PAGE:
The EZA Forum Hall of Greats (September 2021)

  • @sentinel-beach How do you feel Prince of Persia has inspired other games in its genre and do you hold it up as a trailblazer of sorts?

  • @capnbobamous Before I ask the question I'll say that video brought a tear to my eye-you have demonstrated what the true power of the videogame medium can do with this presentation. As for my question do you think Katamari Damacy might be too strange to appeal to younger audiences?

  • Respond to @jdincinerator question about whether Apex Legends is too new to be considered for Hall of Greats.

    I think that determining how much time needs to pass to evaluate Apex Legends as a possible Great is very tricky question because this is an evolving game. We can wait two more years, and we will likely be in exactly the same situation – it’s too early to evaluate entire legacy of this game, because it’s still happening. So, we either have to keep waiting until this game dies, or we have to be open to the idea that some games can be called Great while they are still active. Since we are open to the idea of “living classic” among writers, film directors, stage performers and other artists, the second option makes more sense to me.

    This doesn’t mean that we shouldn’t wait at all - we all had honeymoon phases with certain games only to realize later that they aren’t as great as they initially seamed. But my case for Apex Legends mostly revolves around things that were there from the beginning (character-specific interactions were added a year later) and I think more than enough time has passed to let emotions cool down and evaluate them rationally. After all, my presentation was mostly based on facts, rather than my passion for this game (this statement DOES NOT mean that certain presentation style is better than other).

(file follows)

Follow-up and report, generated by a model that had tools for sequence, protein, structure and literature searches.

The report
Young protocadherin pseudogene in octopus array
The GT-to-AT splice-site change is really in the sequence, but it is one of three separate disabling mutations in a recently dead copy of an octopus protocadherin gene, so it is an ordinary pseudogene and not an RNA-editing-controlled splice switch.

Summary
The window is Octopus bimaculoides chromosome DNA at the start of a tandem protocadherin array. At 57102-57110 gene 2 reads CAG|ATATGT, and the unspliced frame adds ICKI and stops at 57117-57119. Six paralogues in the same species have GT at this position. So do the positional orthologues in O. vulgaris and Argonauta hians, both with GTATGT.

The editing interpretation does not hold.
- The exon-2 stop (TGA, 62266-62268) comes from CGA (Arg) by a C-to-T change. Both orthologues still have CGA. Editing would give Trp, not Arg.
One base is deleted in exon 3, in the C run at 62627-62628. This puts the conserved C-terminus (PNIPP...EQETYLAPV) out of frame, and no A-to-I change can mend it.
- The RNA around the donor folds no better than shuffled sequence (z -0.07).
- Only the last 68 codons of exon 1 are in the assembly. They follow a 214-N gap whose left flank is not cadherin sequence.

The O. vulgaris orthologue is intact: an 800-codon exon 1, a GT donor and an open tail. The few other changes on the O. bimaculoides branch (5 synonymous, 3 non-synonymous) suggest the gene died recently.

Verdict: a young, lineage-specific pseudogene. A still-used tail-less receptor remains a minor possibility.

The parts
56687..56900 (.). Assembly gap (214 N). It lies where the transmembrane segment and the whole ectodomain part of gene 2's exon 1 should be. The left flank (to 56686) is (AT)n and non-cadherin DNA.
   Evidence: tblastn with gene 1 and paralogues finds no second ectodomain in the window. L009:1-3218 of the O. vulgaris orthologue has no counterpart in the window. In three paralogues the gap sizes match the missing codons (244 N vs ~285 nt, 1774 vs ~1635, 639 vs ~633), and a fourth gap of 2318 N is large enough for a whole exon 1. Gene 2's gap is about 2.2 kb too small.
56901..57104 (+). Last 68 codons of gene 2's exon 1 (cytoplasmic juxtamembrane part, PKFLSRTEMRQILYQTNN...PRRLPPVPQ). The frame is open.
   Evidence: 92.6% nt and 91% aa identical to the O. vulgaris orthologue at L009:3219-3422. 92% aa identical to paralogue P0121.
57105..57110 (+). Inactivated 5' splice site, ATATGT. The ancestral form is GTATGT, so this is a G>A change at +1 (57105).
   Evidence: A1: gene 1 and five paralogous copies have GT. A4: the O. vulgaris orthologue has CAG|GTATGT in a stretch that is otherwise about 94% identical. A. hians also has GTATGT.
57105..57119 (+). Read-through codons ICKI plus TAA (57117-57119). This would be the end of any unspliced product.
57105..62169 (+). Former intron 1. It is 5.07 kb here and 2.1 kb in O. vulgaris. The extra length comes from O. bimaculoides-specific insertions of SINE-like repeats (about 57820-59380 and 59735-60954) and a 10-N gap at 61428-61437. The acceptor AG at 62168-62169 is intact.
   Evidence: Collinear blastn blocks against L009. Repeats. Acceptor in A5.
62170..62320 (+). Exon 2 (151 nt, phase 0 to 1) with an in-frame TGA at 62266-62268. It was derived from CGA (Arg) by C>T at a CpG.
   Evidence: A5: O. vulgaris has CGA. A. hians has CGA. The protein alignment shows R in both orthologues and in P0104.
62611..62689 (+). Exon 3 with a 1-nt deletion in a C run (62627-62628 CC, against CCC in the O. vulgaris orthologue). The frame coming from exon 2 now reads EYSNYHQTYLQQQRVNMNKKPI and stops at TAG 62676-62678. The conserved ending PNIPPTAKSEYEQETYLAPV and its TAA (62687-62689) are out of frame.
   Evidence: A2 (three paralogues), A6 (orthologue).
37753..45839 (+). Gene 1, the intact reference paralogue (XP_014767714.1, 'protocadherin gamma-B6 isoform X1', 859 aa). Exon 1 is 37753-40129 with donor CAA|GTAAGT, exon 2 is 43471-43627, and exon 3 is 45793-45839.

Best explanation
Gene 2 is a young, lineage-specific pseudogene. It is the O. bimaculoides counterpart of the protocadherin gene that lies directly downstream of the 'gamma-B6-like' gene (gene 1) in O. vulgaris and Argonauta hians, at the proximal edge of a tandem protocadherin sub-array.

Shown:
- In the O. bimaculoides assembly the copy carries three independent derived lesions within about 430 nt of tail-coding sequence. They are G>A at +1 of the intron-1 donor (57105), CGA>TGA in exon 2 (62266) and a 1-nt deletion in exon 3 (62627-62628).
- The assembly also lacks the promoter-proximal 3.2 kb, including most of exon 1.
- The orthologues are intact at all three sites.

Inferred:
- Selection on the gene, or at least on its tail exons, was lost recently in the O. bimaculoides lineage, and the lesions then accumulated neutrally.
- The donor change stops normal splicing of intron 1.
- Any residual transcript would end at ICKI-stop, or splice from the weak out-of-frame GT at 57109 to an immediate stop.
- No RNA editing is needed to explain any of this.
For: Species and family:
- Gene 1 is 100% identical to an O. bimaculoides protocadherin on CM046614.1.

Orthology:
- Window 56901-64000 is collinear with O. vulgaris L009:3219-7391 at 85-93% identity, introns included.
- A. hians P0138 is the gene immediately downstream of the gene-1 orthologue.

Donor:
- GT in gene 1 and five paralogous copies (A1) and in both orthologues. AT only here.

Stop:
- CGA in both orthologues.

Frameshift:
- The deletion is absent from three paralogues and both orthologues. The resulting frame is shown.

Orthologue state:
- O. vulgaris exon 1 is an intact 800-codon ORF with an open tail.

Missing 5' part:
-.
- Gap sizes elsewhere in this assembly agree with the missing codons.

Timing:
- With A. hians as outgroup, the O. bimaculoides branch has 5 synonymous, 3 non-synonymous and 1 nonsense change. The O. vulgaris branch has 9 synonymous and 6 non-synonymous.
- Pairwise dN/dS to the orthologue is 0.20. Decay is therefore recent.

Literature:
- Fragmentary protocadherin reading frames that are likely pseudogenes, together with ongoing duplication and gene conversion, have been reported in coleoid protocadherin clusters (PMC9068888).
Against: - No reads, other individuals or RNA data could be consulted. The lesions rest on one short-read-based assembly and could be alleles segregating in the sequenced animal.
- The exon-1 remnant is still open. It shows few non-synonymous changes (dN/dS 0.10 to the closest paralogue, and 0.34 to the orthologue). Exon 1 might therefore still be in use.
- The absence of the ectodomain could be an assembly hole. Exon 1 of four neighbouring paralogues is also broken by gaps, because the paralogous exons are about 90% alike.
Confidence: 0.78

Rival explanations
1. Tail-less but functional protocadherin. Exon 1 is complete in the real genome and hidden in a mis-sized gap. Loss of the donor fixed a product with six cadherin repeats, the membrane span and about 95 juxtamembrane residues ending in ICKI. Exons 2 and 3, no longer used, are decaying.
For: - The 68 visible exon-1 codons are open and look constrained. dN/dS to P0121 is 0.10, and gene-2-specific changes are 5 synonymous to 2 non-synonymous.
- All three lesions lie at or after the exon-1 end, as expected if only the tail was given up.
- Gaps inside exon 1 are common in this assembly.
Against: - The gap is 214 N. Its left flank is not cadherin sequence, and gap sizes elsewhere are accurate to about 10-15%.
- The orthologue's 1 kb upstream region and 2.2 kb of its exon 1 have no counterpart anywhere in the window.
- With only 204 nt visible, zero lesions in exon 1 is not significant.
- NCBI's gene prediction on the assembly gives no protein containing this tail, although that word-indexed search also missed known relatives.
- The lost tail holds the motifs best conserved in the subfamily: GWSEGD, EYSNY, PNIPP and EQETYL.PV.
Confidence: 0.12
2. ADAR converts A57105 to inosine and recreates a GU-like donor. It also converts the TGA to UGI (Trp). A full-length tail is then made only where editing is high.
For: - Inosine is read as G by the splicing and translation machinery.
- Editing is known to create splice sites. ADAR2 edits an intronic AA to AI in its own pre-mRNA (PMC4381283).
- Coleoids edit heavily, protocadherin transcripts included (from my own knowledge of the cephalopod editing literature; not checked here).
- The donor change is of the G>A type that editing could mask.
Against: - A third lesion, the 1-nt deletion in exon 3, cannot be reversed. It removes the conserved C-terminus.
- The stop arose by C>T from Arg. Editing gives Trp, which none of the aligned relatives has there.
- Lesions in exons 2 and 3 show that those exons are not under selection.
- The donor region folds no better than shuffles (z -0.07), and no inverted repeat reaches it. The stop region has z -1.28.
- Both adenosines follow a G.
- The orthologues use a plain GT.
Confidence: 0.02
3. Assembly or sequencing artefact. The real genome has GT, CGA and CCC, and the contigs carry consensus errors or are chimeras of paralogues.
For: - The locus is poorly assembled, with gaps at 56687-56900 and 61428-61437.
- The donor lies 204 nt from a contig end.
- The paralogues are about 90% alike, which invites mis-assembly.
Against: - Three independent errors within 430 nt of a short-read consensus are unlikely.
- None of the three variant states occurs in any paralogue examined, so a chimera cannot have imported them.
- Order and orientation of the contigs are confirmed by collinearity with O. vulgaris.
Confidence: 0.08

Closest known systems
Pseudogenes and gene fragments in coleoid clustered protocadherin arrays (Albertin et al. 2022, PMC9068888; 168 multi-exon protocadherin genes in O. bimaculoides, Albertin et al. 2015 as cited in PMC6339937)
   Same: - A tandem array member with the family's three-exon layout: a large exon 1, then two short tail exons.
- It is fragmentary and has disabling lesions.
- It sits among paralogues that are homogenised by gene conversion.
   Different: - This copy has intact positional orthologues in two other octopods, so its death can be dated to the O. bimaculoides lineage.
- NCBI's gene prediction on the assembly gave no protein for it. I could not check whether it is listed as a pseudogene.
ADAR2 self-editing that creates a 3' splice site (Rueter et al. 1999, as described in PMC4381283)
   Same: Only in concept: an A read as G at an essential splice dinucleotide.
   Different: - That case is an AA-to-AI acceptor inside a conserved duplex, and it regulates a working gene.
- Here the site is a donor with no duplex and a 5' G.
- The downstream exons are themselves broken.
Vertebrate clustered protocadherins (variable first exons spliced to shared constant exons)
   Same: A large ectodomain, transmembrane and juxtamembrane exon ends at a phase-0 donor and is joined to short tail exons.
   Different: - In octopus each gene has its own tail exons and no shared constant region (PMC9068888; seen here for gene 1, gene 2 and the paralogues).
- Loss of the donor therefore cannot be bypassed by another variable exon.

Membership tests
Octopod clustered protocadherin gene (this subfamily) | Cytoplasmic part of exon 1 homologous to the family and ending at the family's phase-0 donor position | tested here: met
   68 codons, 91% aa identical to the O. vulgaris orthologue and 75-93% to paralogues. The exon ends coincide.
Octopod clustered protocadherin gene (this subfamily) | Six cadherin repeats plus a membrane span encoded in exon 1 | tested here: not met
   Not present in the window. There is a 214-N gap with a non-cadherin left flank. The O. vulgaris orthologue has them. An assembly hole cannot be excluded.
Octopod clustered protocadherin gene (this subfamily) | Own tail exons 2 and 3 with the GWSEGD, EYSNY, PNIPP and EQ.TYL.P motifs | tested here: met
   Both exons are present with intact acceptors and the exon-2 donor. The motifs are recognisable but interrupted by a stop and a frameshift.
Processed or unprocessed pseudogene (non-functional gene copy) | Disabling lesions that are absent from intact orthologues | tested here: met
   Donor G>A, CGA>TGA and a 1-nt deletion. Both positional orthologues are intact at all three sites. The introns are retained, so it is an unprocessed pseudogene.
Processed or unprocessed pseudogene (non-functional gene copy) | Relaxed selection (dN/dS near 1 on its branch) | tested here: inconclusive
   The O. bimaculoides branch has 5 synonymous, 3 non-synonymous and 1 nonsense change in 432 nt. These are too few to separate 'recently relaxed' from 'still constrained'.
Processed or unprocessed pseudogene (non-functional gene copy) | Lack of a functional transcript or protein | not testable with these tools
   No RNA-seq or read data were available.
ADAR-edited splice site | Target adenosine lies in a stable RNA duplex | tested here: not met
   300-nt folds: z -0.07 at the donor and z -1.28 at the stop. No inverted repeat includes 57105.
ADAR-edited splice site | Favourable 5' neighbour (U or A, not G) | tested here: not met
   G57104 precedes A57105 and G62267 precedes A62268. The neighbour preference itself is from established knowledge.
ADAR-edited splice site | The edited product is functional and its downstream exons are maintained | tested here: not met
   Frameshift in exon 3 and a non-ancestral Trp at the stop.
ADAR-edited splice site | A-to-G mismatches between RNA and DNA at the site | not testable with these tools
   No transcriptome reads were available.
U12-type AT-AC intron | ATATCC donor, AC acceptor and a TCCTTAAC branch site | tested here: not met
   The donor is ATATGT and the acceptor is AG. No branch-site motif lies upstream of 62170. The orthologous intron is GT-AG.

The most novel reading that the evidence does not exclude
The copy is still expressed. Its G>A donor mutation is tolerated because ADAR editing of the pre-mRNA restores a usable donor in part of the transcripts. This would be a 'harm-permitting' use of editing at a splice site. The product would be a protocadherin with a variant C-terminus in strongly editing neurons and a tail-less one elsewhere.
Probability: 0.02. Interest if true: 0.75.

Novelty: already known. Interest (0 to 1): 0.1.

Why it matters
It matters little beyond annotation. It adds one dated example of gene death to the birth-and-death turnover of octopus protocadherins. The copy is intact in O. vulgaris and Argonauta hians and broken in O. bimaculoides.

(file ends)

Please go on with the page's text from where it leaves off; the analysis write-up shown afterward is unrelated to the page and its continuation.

• T.H.U.G - RESPONSE #1

    Response to @ffff0 question about the addiction-factor and difficulty in T.H.U.G only comes with Mastery of the game.


    Really good question—I wanted to elaborate on this more and was hoping somebody would bring up the "one more try" addiction factor.

    There are two really strong qualities to the "one more try" factor and the first one is exactly as you describe it. Even on Normal mode, there are at least one or two tough goals per level. Your desire to keep going again and again is mostly from small mistakes. Something like a slip of a thumb or not ollieing far enough to reach the next object which might ruin momentum. So it's almost always "Damn—so close! Next one!".

    The goals aren't brutally difficult in the sense you need to have a mastery of the game and score a 2M point combo. It's difficult in the sense that you need to focus and stay precise. Goals are difficult in the sense that they provide a reasonable challenge that you likely won't complete on the very first attempt.

    The other quality to the addiction factor is the snappiness of the <START> <DOWN> <RESET> process. In T.H.U.G, the goal restart is nearly instant. You get back into the action in a blink of an eye. So when you do feel like you absolutely have it the next time, you're right back in there. Bam bam bam. The addiction factor is amplified through the roof by this quick process. It is also significantly more quick and addicting than other sports/arcade games of it's era like SSX or Gran Turismo which take a long time to restart a challenge.


    Response to @JDINCINERATOR question if getting off your skateboard in T.H.U.G undermines the arcade nature of the series.


    Getting off your skateboard in T.H.U.G actually enhances the pre-established combo system by introducing the "Cave Man" mechanic which gives you a short ongoing timer which limits the amount of time you are allowed to be off your board and still keep your combo. It also helps your character level out if you Cave Man in mid-air which I think enhances that pre-existing arcadey combo system.

    That said—I know the spirit of your question was about the overall experience of getting off your board. I really don't think getting off your board is the reason why T.H.U.G feels a lot different than earlier THPS games.